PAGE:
Scientists have identified the binary star Eta Carinae as a new kind of source for very high-energy (VHE) cosmic gamma-radiation. Eta Carinae is located 7500 lightyears away in the constellation Carina in the Southern Sky and, based on the data collected, emits gamma rays with energies up to 400 gigaelectronvolts (GeV), some 100 billion times more than the energy of visible light, as the team reports in the journal Astronomy & Astrophysics. (2020-07-01)

NASA-NOAA satellite animation shows the end of Tropical Cyclone Boris
NASA-NOAA's Suomi NPP satellite imagery provided a look at the end of the second named tropical cyclone of the Eastern Pacific Ocean's 2020 Hurricane Season. (2020-06-29)

NASA-NOAA's Suomi NPP satellite analyzes Saharan dust aerosol blanket
Dust storms from Africa's Saharan Desert traveling across the Atlantic Ocean are nothing new, but the current dust storm has been quite expansive and NASA satellites have provided a look at the massive June plume. NASA-NOAA's Suomi NPP satellite showed the blanket of dust had moved over the Gulf of Mexico and extended into Central America and over part of the eastern Pacific Ocean. (2020-06-26)

NASA observes large Saharan dust plume over Atlantic ocean
NASA-NOAA's Suomi NPP satellite observed a huge Saharan dust plume streaming over the North Atlantic Ocean, beginning on June 13. Satellite data showed the dust had spread over 2,000 miles. (2020-06-19)

NASA follows Tropical Storm Nuri's path
An animation of four days of imagery from NASA's Terra satellite showed the progression and landfall of Tropical Storm Nuri. (2020-06-15)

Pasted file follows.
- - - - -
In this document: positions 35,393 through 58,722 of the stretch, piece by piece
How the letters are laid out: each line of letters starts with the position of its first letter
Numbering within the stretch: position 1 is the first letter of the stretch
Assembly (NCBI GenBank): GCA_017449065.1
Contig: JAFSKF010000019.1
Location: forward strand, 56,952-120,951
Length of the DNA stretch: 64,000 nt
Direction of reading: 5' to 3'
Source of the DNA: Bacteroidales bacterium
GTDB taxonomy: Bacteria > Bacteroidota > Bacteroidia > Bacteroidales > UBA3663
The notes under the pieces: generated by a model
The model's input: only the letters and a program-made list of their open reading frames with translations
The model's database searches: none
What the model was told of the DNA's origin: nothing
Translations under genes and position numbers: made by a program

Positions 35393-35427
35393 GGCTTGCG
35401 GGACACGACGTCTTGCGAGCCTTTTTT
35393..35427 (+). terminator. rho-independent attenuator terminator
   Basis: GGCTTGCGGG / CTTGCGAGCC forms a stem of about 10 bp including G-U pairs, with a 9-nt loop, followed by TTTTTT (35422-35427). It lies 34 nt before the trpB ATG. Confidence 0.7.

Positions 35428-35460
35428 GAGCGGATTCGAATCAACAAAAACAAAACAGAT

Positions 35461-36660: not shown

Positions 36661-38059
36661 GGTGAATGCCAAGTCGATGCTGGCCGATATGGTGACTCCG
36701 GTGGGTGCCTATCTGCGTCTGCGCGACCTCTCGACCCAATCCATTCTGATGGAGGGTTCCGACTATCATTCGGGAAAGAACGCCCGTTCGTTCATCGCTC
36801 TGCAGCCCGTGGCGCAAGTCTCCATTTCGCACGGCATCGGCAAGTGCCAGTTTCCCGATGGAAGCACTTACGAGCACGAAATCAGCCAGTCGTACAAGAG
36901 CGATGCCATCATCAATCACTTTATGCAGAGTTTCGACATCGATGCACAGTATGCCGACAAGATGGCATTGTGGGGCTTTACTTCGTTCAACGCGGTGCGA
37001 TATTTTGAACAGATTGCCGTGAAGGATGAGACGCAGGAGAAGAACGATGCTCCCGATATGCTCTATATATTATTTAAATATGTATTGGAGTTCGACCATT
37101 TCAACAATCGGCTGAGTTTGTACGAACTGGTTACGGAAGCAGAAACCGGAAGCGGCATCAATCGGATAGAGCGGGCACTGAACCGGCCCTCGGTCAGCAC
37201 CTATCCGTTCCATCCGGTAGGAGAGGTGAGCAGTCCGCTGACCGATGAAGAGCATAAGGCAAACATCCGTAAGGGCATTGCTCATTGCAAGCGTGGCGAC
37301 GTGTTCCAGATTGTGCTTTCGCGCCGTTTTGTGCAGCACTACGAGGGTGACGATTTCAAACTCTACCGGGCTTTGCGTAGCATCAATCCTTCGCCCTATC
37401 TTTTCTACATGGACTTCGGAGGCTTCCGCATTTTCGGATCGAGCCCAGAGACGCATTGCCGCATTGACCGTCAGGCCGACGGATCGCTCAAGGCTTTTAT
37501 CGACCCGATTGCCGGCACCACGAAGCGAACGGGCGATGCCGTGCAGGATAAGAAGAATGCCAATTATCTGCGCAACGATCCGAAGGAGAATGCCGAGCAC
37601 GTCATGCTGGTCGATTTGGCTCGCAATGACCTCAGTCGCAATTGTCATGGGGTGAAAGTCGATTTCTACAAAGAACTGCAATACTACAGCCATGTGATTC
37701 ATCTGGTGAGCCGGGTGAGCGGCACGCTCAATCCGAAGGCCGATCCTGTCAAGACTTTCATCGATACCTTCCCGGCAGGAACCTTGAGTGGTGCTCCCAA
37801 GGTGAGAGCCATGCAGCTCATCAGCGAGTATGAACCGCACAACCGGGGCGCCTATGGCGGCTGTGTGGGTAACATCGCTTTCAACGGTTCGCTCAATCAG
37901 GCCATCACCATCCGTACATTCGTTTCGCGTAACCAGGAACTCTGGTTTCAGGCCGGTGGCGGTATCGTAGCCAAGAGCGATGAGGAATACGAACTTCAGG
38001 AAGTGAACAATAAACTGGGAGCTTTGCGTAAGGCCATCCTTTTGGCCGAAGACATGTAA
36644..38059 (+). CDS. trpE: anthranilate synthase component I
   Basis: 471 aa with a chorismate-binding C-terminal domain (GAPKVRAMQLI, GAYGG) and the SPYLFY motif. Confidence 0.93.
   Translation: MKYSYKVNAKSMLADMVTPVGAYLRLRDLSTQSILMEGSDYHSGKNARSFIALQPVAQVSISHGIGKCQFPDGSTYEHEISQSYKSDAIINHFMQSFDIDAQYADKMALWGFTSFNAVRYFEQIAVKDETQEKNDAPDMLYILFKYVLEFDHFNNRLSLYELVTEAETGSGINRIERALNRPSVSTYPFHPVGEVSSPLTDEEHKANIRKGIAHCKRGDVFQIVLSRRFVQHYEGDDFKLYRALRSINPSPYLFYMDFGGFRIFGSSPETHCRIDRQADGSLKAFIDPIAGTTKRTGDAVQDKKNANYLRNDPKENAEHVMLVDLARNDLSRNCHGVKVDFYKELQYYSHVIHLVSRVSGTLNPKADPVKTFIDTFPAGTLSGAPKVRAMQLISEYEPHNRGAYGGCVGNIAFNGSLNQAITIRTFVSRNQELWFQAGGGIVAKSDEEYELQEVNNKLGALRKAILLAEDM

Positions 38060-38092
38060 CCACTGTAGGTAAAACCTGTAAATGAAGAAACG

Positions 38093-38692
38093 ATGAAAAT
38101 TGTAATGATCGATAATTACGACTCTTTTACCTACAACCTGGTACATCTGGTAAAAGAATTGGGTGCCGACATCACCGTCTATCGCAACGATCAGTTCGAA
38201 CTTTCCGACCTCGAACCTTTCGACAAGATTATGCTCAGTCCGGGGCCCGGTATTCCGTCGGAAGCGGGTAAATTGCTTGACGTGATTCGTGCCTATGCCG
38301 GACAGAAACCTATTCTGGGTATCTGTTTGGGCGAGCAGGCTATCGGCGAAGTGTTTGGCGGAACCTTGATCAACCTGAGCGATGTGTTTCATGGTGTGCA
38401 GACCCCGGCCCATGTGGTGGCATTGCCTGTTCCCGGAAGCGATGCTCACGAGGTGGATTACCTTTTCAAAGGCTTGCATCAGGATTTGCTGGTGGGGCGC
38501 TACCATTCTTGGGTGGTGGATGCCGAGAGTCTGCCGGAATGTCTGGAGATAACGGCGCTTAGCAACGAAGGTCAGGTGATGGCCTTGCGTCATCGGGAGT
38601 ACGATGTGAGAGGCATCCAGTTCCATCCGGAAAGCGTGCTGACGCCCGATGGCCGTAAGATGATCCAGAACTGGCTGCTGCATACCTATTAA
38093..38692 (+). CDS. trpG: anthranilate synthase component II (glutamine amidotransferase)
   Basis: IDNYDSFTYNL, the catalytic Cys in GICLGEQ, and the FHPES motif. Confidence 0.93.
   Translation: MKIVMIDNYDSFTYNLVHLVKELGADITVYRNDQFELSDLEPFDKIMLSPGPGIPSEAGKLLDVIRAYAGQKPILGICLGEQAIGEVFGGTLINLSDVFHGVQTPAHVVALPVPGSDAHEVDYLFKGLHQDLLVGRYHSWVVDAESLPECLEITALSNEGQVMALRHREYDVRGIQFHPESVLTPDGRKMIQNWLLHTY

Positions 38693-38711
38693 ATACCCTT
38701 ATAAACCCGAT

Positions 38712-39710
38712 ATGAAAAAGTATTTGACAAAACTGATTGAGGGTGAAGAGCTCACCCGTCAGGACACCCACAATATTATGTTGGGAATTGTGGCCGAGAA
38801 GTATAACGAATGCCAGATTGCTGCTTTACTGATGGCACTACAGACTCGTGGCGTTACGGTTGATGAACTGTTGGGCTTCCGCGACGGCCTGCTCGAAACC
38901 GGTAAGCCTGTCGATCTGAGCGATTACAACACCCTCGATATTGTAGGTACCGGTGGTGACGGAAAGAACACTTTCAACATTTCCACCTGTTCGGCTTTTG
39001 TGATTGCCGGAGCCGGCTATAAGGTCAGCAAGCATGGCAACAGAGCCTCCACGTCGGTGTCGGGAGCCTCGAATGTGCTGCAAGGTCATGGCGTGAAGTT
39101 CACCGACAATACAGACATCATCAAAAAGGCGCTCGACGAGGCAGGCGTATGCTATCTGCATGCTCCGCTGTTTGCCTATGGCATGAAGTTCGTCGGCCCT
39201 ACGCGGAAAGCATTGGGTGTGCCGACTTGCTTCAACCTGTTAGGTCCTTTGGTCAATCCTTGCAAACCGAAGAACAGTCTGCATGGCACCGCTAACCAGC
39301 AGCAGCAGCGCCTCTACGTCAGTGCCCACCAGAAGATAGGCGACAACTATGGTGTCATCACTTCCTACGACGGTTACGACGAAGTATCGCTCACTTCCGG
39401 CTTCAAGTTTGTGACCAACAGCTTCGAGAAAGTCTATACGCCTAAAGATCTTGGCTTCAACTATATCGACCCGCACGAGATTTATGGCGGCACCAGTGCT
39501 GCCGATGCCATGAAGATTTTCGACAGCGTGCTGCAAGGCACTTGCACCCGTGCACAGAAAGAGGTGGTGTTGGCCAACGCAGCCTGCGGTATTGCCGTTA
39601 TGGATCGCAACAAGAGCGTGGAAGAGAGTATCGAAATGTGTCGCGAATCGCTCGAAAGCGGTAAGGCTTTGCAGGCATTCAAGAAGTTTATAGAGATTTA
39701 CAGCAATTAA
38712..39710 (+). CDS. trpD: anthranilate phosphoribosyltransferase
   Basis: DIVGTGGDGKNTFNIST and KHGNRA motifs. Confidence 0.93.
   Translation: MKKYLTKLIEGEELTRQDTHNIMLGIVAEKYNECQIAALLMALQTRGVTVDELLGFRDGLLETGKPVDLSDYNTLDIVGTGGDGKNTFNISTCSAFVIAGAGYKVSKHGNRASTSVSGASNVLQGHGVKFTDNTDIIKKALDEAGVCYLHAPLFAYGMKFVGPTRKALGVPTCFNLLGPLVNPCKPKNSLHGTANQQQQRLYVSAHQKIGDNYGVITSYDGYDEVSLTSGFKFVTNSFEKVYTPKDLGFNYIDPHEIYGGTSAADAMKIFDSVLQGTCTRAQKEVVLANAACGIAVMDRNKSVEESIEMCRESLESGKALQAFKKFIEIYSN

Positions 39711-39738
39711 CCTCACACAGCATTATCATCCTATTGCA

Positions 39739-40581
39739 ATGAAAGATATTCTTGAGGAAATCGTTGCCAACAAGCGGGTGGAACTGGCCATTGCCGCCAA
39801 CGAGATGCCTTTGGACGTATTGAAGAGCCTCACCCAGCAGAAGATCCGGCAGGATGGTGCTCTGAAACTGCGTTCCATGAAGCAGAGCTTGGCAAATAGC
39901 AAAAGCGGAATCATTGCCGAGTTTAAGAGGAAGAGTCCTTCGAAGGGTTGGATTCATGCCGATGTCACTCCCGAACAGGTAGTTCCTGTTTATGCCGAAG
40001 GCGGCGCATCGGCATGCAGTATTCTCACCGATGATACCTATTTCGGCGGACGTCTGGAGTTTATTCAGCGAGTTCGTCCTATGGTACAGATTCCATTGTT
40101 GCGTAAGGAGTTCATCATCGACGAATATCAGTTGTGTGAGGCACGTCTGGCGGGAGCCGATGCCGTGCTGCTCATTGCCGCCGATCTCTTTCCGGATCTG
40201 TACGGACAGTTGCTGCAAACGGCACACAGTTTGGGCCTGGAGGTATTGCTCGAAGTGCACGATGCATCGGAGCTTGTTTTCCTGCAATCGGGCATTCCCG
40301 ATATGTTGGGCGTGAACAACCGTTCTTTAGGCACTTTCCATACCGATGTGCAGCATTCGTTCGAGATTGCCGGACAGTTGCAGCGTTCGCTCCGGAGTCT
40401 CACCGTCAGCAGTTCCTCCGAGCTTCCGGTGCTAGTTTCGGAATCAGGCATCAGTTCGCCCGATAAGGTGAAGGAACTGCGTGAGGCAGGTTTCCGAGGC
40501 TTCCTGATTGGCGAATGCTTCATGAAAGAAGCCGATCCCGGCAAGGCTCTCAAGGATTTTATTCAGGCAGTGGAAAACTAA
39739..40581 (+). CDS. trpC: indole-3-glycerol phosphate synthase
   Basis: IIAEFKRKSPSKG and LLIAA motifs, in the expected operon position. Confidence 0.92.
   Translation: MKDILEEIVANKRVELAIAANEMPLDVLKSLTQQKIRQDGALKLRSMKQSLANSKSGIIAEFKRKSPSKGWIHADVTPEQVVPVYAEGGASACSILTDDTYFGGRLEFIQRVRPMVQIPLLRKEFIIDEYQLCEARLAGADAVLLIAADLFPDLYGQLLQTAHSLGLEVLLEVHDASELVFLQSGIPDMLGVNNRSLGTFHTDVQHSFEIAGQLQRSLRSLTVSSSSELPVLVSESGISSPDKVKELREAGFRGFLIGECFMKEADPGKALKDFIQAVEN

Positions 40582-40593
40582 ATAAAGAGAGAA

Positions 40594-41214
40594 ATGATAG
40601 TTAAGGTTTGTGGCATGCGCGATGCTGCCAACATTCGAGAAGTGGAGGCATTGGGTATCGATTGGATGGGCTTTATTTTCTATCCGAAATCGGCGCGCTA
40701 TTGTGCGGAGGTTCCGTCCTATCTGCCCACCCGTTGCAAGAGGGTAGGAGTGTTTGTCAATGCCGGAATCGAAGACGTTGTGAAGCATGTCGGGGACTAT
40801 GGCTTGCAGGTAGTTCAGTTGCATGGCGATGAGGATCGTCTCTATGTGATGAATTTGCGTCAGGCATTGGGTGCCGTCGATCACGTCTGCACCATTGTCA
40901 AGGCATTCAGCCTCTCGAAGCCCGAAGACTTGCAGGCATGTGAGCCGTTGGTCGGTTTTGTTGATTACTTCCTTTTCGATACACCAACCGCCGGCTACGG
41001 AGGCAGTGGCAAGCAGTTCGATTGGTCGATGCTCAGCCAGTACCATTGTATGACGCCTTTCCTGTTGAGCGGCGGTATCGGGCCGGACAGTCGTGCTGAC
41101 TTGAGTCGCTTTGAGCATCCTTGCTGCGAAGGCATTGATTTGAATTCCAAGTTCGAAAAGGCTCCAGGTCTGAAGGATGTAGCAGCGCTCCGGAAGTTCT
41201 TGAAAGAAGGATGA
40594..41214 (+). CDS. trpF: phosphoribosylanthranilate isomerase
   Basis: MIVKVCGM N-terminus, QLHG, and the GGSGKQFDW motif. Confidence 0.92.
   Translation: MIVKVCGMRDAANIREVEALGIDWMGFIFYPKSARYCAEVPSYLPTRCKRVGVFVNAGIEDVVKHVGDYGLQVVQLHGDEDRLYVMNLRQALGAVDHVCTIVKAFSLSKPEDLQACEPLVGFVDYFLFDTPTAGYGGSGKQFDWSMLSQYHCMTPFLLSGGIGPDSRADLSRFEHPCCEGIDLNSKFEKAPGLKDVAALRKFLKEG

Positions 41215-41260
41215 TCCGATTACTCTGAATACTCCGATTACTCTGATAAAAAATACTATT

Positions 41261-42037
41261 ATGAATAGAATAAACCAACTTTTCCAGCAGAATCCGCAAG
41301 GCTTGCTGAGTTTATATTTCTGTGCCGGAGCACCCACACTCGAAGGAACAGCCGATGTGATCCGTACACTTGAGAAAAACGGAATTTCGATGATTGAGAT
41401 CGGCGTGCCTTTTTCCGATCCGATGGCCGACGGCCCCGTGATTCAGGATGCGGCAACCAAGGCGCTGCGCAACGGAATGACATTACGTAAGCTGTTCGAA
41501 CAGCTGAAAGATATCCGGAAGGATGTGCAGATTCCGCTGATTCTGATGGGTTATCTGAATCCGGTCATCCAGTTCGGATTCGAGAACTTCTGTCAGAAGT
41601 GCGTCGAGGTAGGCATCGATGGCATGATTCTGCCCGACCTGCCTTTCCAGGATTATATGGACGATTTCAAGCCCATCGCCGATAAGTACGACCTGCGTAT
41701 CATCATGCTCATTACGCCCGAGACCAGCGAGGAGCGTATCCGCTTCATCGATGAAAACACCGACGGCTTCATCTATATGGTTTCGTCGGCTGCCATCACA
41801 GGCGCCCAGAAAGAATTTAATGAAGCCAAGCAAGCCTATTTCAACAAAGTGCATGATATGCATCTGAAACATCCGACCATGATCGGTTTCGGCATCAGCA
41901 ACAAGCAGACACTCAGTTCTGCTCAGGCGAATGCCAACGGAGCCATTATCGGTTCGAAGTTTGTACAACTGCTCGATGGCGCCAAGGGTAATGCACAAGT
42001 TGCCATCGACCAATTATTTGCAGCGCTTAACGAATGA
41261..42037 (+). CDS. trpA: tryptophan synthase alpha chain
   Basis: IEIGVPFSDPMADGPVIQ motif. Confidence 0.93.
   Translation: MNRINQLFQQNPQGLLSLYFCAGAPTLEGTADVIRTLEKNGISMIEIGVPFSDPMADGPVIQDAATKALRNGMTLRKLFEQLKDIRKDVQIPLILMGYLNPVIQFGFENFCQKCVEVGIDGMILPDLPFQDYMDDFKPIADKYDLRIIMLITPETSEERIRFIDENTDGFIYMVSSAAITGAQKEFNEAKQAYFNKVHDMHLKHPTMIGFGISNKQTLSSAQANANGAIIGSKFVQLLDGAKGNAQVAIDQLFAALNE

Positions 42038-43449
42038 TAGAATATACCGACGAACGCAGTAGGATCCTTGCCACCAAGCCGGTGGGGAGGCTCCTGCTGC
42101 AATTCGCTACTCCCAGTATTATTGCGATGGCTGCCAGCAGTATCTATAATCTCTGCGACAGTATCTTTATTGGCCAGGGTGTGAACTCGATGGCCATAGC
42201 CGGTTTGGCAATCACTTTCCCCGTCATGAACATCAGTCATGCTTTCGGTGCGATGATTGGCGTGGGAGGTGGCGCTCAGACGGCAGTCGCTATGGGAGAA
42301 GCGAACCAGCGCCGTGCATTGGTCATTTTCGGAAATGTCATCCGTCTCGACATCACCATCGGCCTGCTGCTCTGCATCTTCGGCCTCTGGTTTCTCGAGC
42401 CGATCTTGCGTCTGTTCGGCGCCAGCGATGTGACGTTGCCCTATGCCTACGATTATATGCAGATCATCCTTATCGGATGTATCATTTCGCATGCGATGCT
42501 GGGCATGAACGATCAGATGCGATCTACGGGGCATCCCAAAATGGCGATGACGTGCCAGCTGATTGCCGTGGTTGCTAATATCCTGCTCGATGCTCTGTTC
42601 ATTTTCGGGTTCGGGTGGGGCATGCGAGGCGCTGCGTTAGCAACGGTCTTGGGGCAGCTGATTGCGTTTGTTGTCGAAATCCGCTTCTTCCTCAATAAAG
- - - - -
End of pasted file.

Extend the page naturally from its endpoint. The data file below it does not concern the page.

NIST develops benchmark for detecting large genetic mutations linked to major diseases
Researchers at the National Institute of Standards and Technology (NIST) have developed a way for laboratories to determine how accurately they can detect large mutations. The new method and the benchmark material enable researchers, clinical labs and commercial technology developers to better identify large genome changes they now miss and will help them reduce false detections of genome changes. (2020-06-15)

Hibernation in mice: Are humans next?
University of Tsukuba and RIKEN researchers identified cells in the brain that can induce a hibernation-like state in mice or rats, species that do not naturally hibernate. In this state, oxygen consumption, body temperature, heart rate, and respiration were all lowered, and animals spontaneously recovered without any tissue damage. Inducing this state in humans could have several medical benefits, especially for buying time in emergency medical situations and extending the life of organs for transplant. (2020-06-12)

Neuroscientists discover neural circuits that control hibernation-like behaviors in mice
Harvard Medical School neuroscientists have discovered a population of neurons in the hypothalamus that controls hibernation-like behavior, or torpor, in mice, revealing for the first time the neural circuits that regulate this state. By better understanding these processes in mice and other animal models, the authors envision the possibility of one day working toward inducing torpor in humans. (2020-06-11)

Monkeys appreciate lifelike animation
Monkeys can overcome their aversion to animated monkeys through a more realistic avatar, according to research recently published in eNeuro. (2020-06-08)

Virtual reality makes empathy easier
Virtual reality activates brain networks that increase your ability to identify with other people, according to new research published in eNeuro. The technology could become a tool in the treatment of violent offenders to empathize more with others. (2020-04-20)

NASA observes rainfall from tornado-spawning storms in the southern US